Whether you’ve been selling goods online for a while now or opening a shop in your local area has always been your dream, this blog has some essential tips for you. Renting or buying your own premises and welcoming customers through the door can be a much more daunting task than setting up your website. Luckily, there are lots of things to do to make your transition from the digital world into the real one a much smoother process. Here are just a few ways you can get started:
Lean on technology
The right software will make running your own shop easier and more efficient. Whether you’re looking for merchant services to make payments easier or need a system to organize your inventory, finding these services ahead of time will mean you’re ready for anything on opening day. Don’t forget, if you haven’t already, you should definitely use software to organize your finances and tax returns.
Advertise in your local area
Opening a physical shop is different from setting up a small business online in that you’ll be relying more on the people who live nearby to help you earn a living. This means that targeting customers all over the world won’t be of much use, so it’s time to adapt your advertising strategy. Try handing out leaflets, optimizing your website for local SEO, or even speaking to local publications and asking to be featured. It’s also worth checking to see if your town or city has a place where business owners can meet and network. You never know, you could strike up a great new partnership
Stay up-to-date with regulations
There are lots of rules and regulations all shop owners have to adhere to. This not only includes registering your business and having relevant licenses but health and safety regulations too. While your shop might not seem like a dangerous place, you must carry out a risk assessment and make it accessible to a wide range of people. Uneven floorboards or steps that aren’t clearly marked could become hazards to your customers, so think carefully about the layout of your premises.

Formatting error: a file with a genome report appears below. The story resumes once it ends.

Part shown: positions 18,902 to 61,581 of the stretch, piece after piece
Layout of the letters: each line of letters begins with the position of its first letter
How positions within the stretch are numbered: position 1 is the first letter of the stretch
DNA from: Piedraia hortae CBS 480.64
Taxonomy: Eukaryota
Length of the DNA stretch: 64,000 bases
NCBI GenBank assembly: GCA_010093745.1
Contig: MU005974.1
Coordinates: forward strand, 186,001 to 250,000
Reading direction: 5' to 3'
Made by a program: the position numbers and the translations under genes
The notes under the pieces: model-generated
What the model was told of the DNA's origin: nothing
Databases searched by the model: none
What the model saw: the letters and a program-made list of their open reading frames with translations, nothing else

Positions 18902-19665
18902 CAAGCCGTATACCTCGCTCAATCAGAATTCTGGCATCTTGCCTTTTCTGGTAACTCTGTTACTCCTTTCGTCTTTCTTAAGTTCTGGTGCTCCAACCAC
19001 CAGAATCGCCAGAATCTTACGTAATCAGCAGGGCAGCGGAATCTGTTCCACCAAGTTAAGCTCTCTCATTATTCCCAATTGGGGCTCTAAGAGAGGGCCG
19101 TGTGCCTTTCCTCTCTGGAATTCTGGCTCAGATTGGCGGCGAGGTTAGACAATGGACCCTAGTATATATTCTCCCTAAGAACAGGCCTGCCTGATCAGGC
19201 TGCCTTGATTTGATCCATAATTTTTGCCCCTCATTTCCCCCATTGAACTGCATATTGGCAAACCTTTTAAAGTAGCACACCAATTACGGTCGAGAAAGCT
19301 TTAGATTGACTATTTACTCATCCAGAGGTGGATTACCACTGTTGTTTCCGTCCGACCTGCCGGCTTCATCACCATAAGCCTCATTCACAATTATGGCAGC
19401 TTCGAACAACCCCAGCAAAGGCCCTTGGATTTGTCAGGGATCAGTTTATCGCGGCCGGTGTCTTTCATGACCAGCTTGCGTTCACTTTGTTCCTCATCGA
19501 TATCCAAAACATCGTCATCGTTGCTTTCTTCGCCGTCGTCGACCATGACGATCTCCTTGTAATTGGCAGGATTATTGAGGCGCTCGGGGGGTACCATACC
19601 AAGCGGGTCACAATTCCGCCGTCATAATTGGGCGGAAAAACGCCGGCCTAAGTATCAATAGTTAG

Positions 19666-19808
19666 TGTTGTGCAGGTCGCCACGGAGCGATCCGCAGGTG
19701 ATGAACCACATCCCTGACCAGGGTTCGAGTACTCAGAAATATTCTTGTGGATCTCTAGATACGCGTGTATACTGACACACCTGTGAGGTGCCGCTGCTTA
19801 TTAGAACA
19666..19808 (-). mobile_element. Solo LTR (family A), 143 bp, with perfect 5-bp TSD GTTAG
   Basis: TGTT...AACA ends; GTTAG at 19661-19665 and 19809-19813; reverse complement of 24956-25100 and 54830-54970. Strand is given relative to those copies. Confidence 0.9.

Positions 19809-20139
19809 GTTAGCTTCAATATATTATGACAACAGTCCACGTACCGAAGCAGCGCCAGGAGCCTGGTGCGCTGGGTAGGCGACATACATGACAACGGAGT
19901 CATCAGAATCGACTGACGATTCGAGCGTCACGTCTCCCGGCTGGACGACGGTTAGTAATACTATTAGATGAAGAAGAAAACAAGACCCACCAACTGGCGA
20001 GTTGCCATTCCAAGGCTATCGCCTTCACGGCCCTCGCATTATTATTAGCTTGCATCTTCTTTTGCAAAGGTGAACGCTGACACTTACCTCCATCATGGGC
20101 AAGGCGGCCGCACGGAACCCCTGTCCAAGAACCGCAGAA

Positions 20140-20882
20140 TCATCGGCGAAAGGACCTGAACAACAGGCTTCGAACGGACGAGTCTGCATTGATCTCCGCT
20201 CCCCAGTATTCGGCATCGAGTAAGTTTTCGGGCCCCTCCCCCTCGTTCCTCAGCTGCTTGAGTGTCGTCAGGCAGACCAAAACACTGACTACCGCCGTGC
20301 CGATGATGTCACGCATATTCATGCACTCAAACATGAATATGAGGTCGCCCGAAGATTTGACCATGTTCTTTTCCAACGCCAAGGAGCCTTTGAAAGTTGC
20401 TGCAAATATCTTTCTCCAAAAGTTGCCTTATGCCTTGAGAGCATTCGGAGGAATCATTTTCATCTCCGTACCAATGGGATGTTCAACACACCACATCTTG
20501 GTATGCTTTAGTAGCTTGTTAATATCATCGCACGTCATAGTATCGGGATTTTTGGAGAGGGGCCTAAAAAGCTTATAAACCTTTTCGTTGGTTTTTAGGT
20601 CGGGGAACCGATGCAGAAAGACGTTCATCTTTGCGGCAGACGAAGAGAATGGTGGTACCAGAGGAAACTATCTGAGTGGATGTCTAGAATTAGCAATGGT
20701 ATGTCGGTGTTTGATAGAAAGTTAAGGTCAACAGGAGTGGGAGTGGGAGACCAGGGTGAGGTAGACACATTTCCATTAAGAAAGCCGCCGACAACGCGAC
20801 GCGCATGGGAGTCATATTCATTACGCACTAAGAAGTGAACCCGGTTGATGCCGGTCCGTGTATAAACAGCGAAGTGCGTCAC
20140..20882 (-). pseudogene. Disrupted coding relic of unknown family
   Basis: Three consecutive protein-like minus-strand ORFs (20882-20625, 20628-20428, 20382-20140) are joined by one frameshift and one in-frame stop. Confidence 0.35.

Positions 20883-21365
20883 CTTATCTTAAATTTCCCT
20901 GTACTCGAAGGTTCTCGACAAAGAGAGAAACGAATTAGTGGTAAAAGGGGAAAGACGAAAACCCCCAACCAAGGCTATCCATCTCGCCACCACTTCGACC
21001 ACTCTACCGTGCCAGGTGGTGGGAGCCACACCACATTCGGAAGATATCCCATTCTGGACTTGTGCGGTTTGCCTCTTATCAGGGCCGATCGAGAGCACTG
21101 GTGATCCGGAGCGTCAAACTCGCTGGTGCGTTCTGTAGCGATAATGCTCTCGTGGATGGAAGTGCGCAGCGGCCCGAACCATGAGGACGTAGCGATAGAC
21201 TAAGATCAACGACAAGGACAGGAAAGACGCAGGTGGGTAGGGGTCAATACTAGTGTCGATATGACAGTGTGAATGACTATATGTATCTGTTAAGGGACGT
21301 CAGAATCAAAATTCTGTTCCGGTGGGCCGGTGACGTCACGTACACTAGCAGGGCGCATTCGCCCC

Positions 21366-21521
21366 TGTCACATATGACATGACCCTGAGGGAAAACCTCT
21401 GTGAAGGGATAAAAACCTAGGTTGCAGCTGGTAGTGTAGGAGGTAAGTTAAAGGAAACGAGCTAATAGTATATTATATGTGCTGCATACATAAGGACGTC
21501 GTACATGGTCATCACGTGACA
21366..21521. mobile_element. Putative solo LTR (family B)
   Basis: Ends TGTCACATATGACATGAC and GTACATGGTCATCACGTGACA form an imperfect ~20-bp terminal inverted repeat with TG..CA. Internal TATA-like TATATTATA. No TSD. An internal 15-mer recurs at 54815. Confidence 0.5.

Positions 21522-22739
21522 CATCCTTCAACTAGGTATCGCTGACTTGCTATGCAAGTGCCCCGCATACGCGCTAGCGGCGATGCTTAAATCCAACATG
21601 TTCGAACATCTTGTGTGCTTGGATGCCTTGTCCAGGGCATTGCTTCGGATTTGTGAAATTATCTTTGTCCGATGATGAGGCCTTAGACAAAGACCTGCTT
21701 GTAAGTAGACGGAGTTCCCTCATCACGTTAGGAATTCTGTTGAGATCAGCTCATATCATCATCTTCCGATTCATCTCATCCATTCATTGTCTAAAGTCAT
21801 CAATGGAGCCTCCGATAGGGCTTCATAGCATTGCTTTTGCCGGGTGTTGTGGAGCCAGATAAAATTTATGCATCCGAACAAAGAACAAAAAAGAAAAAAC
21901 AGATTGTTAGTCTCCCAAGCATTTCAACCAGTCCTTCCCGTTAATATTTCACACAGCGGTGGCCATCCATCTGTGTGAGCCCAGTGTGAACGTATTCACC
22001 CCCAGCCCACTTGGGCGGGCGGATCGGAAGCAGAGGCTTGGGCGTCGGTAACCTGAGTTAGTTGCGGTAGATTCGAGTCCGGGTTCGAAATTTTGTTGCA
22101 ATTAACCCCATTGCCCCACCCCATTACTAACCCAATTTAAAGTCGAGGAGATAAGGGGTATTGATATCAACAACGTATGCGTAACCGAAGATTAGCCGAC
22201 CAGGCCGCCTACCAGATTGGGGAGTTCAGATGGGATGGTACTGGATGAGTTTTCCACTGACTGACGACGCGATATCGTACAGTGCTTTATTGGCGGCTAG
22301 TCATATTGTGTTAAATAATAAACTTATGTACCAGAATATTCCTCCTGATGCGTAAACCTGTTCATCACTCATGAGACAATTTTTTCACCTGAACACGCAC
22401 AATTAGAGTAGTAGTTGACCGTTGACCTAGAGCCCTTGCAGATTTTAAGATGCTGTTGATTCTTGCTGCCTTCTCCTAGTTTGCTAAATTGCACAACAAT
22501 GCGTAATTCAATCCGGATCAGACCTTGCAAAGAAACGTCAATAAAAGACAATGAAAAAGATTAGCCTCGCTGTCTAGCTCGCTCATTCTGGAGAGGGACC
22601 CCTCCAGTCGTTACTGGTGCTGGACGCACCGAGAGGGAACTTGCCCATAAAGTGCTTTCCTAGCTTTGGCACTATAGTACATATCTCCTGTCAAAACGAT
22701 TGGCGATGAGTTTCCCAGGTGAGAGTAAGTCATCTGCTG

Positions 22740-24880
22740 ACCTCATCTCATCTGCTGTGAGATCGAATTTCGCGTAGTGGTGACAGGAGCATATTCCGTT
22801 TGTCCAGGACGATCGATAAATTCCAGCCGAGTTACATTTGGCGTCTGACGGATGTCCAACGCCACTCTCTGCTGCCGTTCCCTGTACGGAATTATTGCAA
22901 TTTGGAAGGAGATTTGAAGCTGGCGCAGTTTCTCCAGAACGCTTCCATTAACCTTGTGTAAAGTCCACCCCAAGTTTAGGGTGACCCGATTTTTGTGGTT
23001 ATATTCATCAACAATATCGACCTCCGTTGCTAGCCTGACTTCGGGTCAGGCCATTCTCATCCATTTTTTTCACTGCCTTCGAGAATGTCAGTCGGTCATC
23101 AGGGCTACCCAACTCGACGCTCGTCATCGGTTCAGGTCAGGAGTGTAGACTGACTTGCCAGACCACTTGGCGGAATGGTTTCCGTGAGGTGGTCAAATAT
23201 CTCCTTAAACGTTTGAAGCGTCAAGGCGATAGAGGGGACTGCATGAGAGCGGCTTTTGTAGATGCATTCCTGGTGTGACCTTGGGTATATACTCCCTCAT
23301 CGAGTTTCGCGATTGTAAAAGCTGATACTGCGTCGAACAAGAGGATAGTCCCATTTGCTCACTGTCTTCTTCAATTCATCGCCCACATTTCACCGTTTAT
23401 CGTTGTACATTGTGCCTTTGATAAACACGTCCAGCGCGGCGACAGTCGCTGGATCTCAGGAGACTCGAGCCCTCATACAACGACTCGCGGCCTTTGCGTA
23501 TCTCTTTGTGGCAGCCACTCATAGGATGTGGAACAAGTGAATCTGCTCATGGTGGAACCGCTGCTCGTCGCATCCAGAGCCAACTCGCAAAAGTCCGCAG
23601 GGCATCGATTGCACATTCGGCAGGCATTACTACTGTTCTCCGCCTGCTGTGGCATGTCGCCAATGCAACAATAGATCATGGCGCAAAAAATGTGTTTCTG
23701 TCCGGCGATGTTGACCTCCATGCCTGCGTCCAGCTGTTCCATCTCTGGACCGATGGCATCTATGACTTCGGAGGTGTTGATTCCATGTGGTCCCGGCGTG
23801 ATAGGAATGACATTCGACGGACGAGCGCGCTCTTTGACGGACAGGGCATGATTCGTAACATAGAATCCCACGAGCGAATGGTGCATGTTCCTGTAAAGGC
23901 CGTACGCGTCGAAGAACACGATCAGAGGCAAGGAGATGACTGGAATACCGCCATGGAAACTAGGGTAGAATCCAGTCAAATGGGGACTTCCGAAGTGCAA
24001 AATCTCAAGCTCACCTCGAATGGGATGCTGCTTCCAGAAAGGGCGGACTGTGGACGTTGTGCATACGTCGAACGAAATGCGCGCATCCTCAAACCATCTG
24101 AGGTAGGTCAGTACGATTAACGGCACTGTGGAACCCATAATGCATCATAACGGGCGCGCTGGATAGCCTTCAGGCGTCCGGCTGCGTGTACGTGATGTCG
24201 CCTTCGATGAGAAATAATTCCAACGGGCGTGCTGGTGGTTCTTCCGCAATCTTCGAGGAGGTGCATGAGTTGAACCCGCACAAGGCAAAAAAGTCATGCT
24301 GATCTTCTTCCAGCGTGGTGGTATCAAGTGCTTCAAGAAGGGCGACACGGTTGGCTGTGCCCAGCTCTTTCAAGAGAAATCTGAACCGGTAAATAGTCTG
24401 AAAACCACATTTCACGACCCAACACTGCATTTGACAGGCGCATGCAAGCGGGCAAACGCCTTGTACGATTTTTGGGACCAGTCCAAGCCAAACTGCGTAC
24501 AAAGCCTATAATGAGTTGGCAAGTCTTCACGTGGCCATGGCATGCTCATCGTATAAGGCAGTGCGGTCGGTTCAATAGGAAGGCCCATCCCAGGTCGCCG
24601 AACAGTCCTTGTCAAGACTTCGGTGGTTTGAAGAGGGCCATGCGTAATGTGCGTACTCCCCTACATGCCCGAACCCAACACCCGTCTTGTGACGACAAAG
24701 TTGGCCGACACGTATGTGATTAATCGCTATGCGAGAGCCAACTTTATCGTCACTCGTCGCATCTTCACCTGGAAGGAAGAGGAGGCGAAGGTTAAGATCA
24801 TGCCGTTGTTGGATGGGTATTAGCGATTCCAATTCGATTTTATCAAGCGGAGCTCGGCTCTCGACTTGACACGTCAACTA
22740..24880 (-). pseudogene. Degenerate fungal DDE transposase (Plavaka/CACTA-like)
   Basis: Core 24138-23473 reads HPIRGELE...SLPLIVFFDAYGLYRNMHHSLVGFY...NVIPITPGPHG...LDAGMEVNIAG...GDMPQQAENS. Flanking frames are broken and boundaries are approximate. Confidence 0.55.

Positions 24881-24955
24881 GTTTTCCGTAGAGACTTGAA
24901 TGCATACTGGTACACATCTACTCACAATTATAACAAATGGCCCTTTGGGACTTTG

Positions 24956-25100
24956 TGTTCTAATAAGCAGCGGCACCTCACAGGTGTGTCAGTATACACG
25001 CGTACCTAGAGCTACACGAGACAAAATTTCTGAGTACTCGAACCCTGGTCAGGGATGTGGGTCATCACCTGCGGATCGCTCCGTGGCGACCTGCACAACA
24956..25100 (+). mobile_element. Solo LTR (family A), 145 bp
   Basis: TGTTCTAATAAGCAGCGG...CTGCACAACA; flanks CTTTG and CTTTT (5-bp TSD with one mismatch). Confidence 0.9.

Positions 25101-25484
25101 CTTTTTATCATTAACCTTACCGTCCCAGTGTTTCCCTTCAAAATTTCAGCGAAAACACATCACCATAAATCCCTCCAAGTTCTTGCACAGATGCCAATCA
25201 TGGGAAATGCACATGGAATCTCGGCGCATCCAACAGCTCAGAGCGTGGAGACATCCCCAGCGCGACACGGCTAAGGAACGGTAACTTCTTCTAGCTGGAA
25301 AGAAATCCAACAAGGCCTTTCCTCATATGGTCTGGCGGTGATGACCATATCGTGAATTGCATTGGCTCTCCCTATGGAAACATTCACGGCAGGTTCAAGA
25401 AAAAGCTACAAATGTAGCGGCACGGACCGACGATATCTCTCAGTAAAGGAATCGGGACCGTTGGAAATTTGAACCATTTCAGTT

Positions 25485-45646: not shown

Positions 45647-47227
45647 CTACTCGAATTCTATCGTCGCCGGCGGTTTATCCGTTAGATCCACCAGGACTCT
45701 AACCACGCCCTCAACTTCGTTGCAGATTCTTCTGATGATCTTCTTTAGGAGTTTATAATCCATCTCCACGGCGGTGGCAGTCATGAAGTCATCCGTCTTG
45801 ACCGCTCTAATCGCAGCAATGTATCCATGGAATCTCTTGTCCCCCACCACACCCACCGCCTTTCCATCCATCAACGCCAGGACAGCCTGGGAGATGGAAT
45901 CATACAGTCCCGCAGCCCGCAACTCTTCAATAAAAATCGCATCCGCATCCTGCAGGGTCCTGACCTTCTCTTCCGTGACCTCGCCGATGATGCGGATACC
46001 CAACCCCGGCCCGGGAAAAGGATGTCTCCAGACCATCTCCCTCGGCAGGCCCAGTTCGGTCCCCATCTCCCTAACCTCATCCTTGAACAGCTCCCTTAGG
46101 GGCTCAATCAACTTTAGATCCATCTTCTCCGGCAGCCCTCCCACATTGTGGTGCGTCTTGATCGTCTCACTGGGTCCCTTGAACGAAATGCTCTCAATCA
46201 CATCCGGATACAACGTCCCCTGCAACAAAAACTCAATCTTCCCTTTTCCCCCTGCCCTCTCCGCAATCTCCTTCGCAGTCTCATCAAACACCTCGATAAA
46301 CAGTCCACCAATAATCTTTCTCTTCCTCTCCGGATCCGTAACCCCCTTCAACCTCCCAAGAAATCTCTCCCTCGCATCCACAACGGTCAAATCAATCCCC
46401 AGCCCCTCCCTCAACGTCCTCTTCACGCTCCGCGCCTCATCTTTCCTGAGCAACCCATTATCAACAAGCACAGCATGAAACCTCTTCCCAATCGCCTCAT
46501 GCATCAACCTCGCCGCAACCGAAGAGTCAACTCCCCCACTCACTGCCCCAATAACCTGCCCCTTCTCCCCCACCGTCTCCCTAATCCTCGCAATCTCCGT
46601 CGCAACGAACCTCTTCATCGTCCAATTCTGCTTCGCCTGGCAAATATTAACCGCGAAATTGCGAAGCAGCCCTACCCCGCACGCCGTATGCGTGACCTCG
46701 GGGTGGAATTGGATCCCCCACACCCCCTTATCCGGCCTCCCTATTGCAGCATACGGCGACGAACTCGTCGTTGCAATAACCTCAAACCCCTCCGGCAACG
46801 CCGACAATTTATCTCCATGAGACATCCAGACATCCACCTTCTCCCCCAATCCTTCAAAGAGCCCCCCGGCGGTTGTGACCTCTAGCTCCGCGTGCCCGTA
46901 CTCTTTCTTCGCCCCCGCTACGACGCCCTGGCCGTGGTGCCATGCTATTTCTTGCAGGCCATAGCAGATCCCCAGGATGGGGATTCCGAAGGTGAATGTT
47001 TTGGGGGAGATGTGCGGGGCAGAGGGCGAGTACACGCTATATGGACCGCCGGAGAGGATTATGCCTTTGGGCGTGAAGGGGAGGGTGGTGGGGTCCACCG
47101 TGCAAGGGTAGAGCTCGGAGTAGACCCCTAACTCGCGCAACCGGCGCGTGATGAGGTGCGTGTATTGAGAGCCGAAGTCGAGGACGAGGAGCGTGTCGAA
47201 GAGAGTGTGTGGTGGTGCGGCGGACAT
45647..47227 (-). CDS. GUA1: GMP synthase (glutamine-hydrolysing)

Linked to health and safety risks, insurance can protect you if someone does get injured on your premises. Accidents can happen, so make sure you’re covered against lawsuits if someone slips and falls or gets hit on the head should a shelf collapse. Insurance can also protect you should a customer suffer an injury as a result of one of your products malfunctioning. It is an extra expense, but the cost of insurance is incredibly low when compared with some of the fines you could face if something were to go wrong.
Think about whether you’ll realistically be able to run your shop on your own. If you think you’ll need a helping hand, it’s worth hiring a part-time employee in advance to avoid becoming overwhelmed in your first week. You can always hire someone on a contractual basis if you don’t want to be tied in for the long term.